Lateral Facies and Thickness Change of the Devonian-Mississippian Sappington Formation Along Inverted Margins of the Central Montana Trough, Three Forks, Montana
Unconventional hydrocarbon production success in the Williston Basin Bakken Formation has led to rejuvenated interest in the Devonian-Mississippian (DM) of Alberta and Sappington Formation in western Montana. The Central Montana Trough (CMT) was a Late Devonian reactivated Precambrian salient, located east of the Idaho Antler foreland; it later evolved to control deposition of the Madison and Big Snowy groups. Sappington black shales and shoreface siltstones near Three Forks share some intracratonic depositional patterns with the Bakken, although sedimentation was also influenced by differential active foreland subsidence and uplift. The Sappington is 0-30 ft thick on the stable Beartooth Shelf to the southeast, and ∼60 to >120 ft thick in the eastern and western CMT. Farther west along the Idaho-Montana border variable accommodation and overlap by Mississippian turbidites followed active inversion of western DM paleohighs (e.g. Montania, Lemhi Arch). Dependent on the extent of regional pre- and post-depositional erosion, the Lower and Middle Sappington rocks in the study area overlie different older units and underlie the Upper Sappington shale (i.e. Lodgepole Cottonwood Canyon Member) only to the east. A variable transgressive ‘scallion-like’ encrinite succession with hardgrounds regionally overlie the Sappington below the distal ramp Lodgepole facies. The Lower Sappington (unit 1) is comprised of black shales including both carbonaceous, waxy shale of freshwater association and fissile, cherty deep marine shale. The Middle Sappington is composed of a calcareous to shaley siltstone, that coarsens and shallows-upward. The basal fossiliferous, sponge-oncoid silty limestone of the Middle Sappington (unit 2) may represent a basinward shift in facies, however its regional occurrence also over subsiding paleohighs suggests the opposite. Proximal shoreface to rare, sandy foreshore facies (unit 5) are typically truncated across the DM boundary, either directly below basal Lodgepole encrinites or below the Upper Sappington (unit 6). This transitional unit is comprised of a suit of transgressive mixed marine clastics that include a 3 ft thick black shale in sections generally east of the Lombard Thrust (i.e. eastern CMT), and broadly across drowned parts of the craton/paleoshelf. SE-directed synsedimentary folds occur locally below this stratigraphic interval. These relationships suggest latest Devonian western uplift followed by earliest Mississippian inversion.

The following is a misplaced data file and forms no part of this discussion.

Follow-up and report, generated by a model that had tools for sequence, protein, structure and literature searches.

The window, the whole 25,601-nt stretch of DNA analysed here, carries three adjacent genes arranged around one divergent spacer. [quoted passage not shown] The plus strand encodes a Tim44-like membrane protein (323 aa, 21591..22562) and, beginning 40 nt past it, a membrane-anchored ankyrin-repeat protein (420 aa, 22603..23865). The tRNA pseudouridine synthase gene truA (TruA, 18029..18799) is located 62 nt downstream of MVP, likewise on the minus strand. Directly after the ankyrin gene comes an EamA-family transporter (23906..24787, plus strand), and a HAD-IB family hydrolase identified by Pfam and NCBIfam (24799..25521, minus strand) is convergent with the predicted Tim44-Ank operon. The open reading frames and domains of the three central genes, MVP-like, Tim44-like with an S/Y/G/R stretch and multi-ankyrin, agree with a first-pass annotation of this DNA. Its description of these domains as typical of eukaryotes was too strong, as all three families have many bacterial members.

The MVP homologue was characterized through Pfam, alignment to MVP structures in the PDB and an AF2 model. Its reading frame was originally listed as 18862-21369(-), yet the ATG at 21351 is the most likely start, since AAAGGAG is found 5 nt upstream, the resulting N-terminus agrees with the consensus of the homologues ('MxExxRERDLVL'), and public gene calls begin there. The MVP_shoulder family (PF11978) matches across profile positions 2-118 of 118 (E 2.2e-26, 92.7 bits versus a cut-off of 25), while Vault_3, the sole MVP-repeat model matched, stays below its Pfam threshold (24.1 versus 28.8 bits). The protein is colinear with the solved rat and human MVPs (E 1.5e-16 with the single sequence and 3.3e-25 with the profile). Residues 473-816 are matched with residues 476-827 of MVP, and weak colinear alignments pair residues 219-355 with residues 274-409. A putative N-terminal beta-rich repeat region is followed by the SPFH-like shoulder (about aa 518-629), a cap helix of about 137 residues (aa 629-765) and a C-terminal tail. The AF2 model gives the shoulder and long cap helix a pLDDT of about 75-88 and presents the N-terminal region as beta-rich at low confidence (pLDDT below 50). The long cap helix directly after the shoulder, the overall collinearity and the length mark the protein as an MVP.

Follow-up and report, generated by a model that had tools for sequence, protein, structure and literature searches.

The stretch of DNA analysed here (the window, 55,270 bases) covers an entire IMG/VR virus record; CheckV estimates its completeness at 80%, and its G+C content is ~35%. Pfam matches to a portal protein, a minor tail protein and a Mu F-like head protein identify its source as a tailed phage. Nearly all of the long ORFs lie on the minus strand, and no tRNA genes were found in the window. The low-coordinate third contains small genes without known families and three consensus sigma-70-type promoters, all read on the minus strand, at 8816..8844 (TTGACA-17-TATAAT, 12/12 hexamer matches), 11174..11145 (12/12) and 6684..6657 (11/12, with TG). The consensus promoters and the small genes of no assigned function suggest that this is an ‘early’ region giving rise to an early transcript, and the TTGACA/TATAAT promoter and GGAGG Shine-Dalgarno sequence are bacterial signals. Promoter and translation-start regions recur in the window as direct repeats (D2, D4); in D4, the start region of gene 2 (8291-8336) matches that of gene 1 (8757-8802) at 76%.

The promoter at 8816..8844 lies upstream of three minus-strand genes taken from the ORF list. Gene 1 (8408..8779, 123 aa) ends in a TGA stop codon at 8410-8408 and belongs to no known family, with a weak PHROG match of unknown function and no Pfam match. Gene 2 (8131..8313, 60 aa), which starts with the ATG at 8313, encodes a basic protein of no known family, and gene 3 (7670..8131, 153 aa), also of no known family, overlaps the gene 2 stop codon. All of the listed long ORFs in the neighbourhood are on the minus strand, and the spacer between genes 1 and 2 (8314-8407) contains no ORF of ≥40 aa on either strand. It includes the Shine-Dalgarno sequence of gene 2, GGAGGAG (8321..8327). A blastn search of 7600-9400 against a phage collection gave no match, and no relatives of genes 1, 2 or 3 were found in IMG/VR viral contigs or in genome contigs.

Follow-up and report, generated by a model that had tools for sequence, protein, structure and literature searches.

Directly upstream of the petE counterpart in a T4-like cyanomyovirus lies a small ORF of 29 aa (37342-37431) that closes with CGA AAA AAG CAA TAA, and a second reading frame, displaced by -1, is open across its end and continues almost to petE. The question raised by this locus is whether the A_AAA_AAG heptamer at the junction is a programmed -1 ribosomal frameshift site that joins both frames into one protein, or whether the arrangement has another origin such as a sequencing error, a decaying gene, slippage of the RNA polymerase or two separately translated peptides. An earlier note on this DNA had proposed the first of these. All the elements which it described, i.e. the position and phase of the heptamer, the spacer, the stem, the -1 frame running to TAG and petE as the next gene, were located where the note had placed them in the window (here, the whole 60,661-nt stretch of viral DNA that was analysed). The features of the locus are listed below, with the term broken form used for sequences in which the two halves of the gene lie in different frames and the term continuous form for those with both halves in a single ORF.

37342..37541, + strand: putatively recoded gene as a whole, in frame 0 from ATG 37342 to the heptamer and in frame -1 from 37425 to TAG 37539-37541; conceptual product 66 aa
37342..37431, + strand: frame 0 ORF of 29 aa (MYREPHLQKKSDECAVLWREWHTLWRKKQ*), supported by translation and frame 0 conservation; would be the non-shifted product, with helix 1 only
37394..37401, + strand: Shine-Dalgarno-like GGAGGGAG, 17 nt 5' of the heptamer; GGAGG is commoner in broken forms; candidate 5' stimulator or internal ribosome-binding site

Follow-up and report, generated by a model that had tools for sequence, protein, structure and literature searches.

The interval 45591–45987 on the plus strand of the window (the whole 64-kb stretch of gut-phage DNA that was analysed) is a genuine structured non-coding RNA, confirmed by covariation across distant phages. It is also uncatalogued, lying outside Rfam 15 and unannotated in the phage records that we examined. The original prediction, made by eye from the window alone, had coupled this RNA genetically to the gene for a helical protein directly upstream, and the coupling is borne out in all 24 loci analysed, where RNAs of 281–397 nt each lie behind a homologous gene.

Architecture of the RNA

AAPG Datapages/Search and Discovery Article #90189 © 2014 AAPG Annual Convention and Exhibition, Houston, Texas, USA, April 6–9, 2014